Heat-Health Alert Issued By The UK Health Security Agency
This is the first Level 2 heat-health alert
of the year, with high temperatures expected across the Midlands and the south of the country later this week.
The alert, which comes into place at midnight on Thursday 16 June until midnight on Saturday 18 June, covers the East Midlands, East of England, London, South East and South West regions.
Dr Agostinho Sousa, Head of Extreme Events and Health Protection at UKHSA, said:
"High temperatures are expected in some parts of the Midlands and the south on Friday. We want everyone to enjoy the hot weather safely when it arrives and be aware of good health advice for coping with warmer conditions.
"During periods of hot weather, it is especially important to keep checking on those who are most vulnerable, such as older people and those with heart or lung conditions. Make sure to look out for signs of heat exhaustion and follow our simple health advice to beat the heat."
Dan Rudman, Deputy Chief Meteorologist at the Met Office, said:
"Temperatures will continue to rise as we go through the week, becoming well above-average by Friday, when many parts of the southern half of the UK are likely to exceed 30°C or even reach 34°C in some places.
"This is the first spell of hot weather this year and it is unusual for temperature to exceed these values in June. Many areas will also see some warm nights with minimum temperatures expected to be in the high teens or even low 20s for some overnight."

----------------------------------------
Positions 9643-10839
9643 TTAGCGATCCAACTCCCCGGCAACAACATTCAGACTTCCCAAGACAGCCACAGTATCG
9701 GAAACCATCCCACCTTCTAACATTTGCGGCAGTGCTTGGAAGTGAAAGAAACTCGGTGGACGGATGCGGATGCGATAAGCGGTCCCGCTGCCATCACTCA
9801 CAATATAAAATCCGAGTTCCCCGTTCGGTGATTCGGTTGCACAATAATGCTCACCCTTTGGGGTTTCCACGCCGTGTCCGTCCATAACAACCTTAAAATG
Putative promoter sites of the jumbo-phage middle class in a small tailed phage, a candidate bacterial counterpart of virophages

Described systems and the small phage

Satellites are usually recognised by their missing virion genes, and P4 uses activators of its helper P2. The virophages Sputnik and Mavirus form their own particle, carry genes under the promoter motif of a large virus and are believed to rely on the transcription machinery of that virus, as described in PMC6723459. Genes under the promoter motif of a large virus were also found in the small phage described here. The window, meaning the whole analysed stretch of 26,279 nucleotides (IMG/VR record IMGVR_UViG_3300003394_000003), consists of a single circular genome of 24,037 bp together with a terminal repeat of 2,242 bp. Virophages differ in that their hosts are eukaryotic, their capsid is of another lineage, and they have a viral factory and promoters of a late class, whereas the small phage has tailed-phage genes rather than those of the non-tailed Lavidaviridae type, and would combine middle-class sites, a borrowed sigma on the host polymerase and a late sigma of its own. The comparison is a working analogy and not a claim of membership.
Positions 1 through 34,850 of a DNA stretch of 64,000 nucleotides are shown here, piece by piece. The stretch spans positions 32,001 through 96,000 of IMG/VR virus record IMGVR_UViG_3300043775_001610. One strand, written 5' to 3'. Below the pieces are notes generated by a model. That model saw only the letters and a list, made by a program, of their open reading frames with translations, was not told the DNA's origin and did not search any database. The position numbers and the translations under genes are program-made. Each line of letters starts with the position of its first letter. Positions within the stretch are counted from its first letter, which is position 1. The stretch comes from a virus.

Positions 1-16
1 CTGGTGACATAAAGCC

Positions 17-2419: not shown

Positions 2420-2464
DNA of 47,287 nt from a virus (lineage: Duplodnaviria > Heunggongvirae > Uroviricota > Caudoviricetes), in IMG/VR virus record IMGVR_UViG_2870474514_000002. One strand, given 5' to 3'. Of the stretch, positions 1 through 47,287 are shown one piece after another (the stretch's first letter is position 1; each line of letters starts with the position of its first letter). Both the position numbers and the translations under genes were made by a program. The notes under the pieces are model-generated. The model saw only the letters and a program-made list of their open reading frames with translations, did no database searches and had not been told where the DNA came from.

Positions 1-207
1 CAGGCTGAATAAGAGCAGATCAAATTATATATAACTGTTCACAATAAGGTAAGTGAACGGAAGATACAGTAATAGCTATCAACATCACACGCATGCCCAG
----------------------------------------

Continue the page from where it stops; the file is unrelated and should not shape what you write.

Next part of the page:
The top ways for staying safe when the heat arrives are to:
look out for those who may struggle to keep themselves cool and hydrated – older people, those with underlying conditions and those who live alone are particularly at risk
stay cool indoors by closing curtains on rooms that face the sun – and remember that it may be cooler outdoors than indoors
drink plenty of fluids and avoid excess alcohol
never leave anyone in a closed, parked vehicle, especially infants, young children or animals
try to keep out of the sun between 11am to 3pm, when the UV rays are strongest
walk in the shade, apply sunscreen and wear a wide-brimmed hat, if you have to go out in the heat
avoid physical exertion in the hottest parts of the day
make sure you take water with you if you are travelling
take care and make sure to follow local safety advice
if you are going into the water to cool down
More information on the common signs and symptoms
of heat exhaustion and heatstroke are available on NHS.UK.
Read the COVID-19 and summer temperatures blog
for advice on how to stay well in hot weather.
Previous heat-health alerts
were published by Public Health England.